He explained the clip of him shouting at Baker with a reference to Marshawn Lynch.
“Me saying, ‘I’m still here Budda,’ was because he had two great knockdowns on me and I always say, ‘Hey, football’s a long game, there’s 60 to 70 plays and I’m gonna be here all night.’ So that’s just kind of my mindset that you might get me once or twice. I think Marshawn Lynch said that, you know, ‘Just don’t get got more than I get you.’ Something like that.”
Richard Sherman, broadcaster?
Unlike most players his age, and those who have suffered Achilles tears, Richard Sherman is aging like a fine wine. He’s gone from being perceived as the young, loudmouth, in-your-face corner to the wise veteran: Uncle Sherm.
He still does plenty of schooling on the field and acknowledged that the Achilles injury forced him to figure out how to compensate for a loss of health. Though, Sherman has never been the most astounding athlete; that’s part of the reason he was drafted in the fifth round and why he’s had such a long career.
Sherman is a cerebral player who rarely has to rely on physicality; it’s his mind and understanding of the game which makes him so dominant. He said Thursday he’d retire if he can’t play at the level he expects, but that he can only play for a maximum of three more years after this season, per orders from his wife, Ashley Moss. He implied he’d take his talents to the broadcast booth after that.
“I expect myself to play at a certain level and if I play at anything other than that level there’s no reason for me to play,” Sherman said. “So I do believe that I have good years left me. I’m only going to play three after this. That’s what the wife told me, so I don’t call the shots after that… After that then I’m gonna go into the booth.”
Dee Ford’s goals
After what was described as a “pretty extensive cleanup” in Dee Ford’s right knee, in which he was plagued be quad/knee tendinitis, Ford billed himself as the picture of health. He affirmed his goal was to play in all 16 games and remain available.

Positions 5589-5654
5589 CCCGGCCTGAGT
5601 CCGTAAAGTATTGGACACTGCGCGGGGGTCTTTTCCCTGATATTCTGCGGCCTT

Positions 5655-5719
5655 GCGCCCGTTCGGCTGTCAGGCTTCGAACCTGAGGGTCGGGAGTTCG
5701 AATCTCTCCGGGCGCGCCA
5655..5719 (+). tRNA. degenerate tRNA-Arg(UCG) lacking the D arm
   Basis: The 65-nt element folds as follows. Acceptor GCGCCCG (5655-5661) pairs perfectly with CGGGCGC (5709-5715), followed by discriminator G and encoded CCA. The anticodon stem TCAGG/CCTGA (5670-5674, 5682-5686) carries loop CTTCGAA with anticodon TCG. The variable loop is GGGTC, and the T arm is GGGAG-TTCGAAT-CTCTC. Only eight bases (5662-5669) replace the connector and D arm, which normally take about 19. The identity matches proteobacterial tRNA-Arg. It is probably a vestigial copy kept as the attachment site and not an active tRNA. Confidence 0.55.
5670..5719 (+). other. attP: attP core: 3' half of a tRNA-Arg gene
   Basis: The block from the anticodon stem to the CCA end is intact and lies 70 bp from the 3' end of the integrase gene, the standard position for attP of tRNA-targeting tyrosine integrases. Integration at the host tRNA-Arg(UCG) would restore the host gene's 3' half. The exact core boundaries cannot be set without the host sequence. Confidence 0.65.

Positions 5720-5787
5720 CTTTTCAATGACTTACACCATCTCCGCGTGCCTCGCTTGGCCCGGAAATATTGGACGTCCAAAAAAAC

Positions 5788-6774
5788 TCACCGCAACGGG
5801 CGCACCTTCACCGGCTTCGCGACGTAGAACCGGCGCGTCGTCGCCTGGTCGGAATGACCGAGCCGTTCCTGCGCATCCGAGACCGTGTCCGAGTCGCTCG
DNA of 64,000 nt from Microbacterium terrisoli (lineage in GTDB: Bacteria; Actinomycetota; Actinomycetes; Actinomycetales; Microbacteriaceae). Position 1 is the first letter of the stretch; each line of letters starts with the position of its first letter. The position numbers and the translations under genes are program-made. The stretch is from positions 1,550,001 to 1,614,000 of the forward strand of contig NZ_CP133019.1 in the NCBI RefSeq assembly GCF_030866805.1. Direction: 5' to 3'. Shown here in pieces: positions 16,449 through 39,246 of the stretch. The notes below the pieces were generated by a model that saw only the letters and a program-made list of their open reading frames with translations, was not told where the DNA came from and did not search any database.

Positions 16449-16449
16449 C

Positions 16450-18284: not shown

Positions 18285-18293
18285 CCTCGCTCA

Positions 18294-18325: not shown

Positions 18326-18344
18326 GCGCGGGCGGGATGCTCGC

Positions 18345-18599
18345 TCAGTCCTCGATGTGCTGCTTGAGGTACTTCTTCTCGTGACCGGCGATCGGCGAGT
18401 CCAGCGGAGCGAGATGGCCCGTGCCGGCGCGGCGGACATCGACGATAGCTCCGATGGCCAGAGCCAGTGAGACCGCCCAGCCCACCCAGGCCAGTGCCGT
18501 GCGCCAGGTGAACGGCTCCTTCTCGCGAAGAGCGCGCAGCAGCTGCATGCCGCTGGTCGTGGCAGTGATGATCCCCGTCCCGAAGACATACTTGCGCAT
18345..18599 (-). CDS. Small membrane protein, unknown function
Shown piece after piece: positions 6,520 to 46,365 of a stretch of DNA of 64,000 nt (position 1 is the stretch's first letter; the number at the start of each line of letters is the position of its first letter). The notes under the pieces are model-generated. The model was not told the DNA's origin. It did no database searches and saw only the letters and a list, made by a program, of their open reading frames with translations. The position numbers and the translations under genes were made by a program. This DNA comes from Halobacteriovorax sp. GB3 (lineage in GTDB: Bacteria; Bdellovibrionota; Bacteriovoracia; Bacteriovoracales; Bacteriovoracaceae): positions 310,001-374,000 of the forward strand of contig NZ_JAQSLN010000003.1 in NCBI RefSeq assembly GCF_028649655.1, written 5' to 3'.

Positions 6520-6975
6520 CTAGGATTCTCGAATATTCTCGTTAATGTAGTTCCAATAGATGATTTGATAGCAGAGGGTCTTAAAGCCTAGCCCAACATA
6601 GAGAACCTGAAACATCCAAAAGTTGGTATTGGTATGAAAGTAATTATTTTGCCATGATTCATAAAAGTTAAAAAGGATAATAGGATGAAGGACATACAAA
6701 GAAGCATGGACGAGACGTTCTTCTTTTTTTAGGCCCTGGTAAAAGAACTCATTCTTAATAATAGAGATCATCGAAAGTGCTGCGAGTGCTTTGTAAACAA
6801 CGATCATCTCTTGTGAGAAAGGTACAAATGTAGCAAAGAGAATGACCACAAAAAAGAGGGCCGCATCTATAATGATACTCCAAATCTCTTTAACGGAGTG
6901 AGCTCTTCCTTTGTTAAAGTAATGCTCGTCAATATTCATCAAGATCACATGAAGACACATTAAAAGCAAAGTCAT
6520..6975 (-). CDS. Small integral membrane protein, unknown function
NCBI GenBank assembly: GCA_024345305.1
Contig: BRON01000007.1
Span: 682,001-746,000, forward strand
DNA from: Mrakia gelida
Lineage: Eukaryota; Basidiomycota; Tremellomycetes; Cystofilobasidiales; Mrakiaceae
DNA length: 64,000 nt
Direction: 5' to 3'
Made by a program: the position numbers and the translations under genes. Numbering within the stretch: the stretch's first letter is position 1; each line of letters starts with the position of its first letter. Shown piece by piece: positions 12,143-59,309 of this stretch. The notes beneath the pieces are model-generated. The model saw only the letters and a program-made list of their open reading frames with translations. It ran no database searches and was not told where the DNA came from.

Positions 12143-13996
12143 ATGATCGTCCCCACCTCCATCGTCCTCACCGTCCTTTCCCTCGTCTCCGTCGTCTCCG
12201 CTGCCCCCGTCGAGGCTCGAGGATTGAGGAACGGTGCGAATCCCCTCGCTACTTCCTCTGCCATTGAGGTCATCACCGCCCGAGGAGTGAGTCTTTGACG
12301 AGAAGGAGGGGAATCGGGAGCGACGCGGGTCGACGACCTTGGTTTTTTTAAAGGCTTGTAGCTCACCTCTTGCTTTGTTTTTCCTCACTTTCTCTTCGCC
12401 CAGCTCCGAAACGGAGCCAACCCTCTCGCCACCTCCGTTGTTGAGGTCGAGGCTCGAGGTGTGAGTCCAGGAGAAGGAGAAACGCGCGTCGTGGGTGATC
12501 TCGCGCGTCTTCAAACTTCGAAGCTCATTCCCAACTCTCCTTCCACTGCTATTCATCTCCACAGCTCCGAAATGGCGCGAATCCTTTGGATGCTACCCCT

Ford hinted at the fact that the injury was Achilles-related, but on KNBR, general manager John Lynch confirmed it was an “Achilles tweak.”
“The calf feels fine,” Ford said. “It’s just one of those things when you’re going consecutive days and training camp, when you’re dealing with a calf, you don’t want to risk it getting to that Achilles tendon. So, at the end of the day we had to jump on it because our goal, and especially my goal, which is the team’s goal is to be there 16 games, plus postseason. And I’m not gonna waver on that at all, so we just had to get that right.”
Due to his knee pain, Ford played just 22 percent of the defense’s snaps (226 total snaps), the lowest such percentage and total since his rookie year in 2013. Lynch said Ford was preparing to play upwards of 900 snaps this season, which he accomplished once, during his final year in Kansas City, when he played 87 percent of the snaps and 1,012 in total.
Ford’s expectation is to be an every-down player and made a point to distinguish himself as not just a specialty pass rusher.
“Every down. Every down,” Ford said. “Pass rushing is what I do, [but] I make plays at the end of the day. Pass rushing is what I do, but my goal is to be a great defensive player, not a great pass rusher. So, first, second and third down. Fourth down if needed.”